Headaches are common in children, increasing in incidence from early childhood to adolescence. They account for 0.7% to 1.3% of all paediatric emergency department visits.   Headaches may be classified as primary or secondary.  Primary headaches include migraine, tension-type, cluster, as well as the new daily persistent headache. Secondary headaches are symptomatic of an underlying intracranial or medical condition that requires treatment. The initial assessment of acute headache aims to determine whether there is a secondary cause for headache that requires urgent intervention.
Headache may be classified in terms of time course.
A single episode of headache pain without prior headaches.
May represent the first or an unusually severe form of primary headache.
May suggest a new acute secondary cause for headache that, therefore, requires evaluation.
Acute recurrent headache
Stereotyped headaches separated by headache-free periods.
Most suggestive of a primary headache disorder, especially if the pattern has persisted for a long period.
May also occur in secondary headache, as with intermittent elevation in intracranial pressure.
Chronic progressive headache
A gradual increase in headache.
Suggestive of an expanding intracranial lesion.
Of children with brain tumours, 62% have headache prior to diagnosis, and 98% have at least one neurological symptom or abnormality on examination.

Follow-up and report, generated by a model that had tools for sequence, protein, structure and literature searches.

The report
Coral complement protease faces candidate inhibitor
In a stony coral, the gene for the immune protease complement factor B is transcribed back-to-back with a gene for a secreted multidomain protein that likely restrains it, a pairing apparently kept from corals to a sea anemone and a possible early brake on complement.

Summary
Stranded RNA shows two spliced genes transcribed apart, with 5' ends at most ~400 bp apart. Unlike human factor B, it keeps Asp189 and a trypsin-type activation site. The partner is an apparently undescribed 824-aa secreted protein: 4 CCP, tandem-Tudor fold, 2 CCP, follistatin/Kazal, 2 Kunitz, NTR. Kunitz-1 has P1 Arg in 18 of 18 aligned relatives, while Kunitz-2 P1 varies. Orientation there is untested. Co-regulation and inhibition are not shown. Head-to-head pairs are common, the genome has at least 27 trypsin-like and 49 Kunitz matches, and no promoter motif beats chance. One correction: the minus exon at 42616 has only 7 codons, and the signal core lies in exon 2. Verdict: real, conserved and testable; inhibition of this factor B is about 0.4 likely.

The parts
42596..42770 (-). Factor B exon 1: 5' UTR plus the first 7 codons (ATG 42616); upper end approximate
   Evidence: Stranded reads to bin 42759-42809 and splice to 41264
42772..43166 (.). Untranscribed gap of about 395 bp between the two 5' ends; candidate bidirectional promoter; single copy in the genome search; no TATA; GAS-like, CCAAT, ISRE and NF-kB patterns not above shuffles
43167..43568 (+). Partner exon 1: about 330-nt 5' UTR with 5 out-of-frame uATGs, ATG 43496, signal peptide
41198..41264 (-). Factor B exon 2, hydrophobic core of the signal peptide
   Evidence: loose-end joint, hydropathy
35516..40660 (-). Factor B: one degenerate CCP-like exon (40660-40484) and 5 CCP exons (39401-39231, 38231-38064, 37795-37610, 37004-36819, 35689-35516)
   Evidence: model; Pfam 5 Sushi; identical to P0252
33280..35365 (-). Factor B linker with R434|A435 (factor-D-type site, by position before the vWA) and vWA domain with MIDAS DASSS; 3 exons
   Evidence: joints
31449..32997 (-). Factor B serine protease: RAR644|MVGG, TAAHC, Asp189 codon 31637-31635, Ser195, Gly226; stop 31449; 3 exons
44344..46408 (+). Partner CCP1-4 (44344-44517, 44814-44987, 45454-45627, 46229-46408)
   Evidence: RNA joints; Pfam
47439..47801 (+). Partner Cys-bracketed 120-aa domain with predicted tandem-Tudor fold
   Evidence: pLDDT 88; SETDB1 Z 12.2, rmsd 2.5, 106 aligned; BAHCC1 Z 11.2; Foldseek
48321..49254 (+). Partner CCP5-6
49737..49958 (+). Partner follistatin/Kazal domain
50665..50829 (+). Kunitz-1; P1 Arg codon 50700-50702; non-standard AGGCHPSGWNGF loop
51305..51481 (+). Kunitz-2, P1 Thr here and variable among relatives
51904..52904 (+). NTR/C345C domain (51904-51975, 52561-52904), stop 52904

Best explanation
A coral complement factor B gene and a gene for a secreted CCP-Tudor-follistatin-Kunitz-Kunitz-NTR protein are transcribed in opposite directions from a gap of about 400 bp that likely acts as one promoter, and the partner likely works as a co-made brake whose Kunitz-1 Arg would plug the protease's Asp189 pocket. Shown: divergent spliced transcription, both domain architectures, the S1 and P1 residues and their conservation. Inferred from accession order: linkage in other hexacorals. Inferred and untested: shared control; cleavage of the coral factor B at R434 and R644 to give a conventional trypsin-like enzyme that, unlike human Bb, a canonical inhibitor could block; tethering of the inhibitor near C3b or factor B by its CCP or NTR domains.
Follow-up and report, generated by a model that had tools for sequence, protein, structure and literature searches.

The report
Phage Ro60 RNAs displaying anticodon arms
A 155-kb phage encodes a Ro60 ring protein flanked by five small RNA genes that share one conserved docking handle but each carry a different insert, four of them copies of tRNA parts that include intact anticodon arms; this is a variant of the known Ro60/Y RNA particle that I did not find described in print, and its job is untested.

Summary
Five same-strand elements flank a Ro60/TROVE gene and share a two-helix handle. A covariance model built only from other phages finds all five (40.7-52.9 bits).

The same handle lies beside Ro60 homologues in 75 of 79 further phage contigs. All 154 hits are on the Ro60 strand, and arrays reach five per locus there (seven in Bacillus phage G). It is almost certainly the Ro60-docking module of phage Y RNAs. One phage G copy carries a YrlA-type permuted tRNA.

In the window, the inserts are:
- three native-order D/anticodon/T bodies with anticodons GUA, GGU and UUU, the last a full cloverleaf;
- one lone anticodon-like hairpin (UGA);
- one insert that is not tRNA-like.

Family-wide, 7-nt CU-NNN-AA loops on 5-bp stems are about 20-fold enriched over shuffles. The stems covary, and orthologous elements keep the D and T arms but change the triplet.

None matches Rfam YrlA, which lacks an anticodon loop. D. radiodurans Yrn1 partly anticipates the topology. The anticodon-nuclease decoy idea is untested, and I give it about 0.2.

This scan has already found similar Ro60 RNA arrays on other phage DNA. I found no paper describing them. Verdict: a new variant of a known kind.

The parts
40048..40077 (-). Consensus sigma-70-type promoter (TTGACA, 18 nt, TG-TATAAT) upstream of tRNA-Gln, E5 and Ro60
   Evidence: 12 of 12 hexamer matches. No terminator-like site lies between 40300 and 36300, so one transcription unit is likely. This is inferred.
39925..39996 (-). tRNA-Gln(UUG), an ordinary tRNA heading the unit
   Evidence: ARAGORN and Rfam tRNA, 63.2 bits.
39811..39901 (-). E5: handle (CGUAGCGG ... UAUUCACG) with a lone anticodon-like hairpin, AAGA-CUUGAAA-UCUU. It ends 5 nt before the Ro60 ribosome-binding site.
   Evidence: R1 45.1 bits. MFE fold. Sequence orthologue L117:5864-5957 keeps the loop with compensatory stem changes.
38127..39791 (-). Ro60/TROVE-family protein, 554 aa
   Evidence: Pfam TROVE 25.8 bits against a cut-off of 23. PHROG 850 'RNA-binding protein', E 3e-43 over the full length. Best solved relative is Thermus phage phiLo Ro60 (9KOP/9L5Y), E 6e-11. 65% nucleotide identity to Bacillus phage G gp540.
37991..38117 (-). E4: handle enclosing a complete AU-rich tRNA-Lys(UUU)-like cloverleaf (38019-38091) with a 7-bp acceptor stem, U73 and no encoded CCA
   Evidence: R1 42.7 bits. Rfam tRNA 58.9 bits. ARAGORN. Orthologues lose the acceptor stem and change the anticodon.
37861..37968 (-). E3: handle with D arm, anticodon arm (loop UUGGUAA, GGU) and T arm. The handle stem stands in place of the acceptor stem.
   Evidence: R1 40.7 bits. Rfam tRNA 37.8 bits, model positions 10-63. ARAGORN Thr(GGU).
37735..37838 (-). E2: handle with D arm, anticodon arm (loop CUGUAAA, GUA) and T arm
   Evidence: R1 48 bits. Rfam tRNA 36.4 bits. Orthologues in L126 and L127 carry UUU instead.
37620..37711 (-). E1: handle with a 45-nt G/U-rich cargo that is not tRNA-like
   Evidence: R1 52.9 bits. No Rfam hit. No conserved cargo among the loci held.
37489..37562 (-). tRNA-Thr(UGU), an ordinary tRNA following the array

The most common symptoms include nausea or vomiting, difficulty walking, visual symptoms, focal weakness, or personality change. 
The most common signs include optic nerve oedema, abnormal eye movements, ataxia, abnormal reflexes, and visual field or acuity defects. 
Chronic non-progressive headache
Constant steady headache.
May be due to a chronic type of primary headache or similar secondary aetiologies.
A: At least 5 attacks fulfilling criteria B-D
B: Headache attacks lasting 2 to 72 hours
C: Headache having at least 2 of the following characteristics:
Unilateral location, may be bilateral, frontotemporal
Moderate or severe pain intensity
Aggravation by or causing avoidance of routine physical activity (e.g., walking, climbing stairs)
D: During the headache, at least one of the following:
Nausea or vomiting
Photophobia and phonophobia, which may be inferred from behaviour
E: Not attributable to another disorder.
Diagnosis of migraine with aura requires:
A: At least 2 attacks fulfilling the criteria B and C
B: Aura consisting of at least 1 of the following, but no motor weakness:
Fully reversible visual symptoms (flickering lights, spots, or lines)
Fully reversible sensory symptoms, including positive features (pins and needles) or negative features (numbness)
Fully reversible dysphasic speech disturbances
C: At least 2 of the following:
Homonymous visual symptoms or unilateral sensory symptoms
At least 1 aura symptom developing gradually over >5 minutes or different aura symptoms occurring in succession over >5 minutes
Each symptom lasting >5 minutes and <60 minutes
D: Not attributable to another disorder.
Department of Child Neurology
Johns Hopkins Hospital
CBO declares that he has no competing interests.
Dr Christopher B. Oakley would like to gratefully acknowledge Dr Nicholas S. Abend and Dr Daniel J. Licht, the previous contributors to this monograph. NSA and DJL declare that they have no competing interests.
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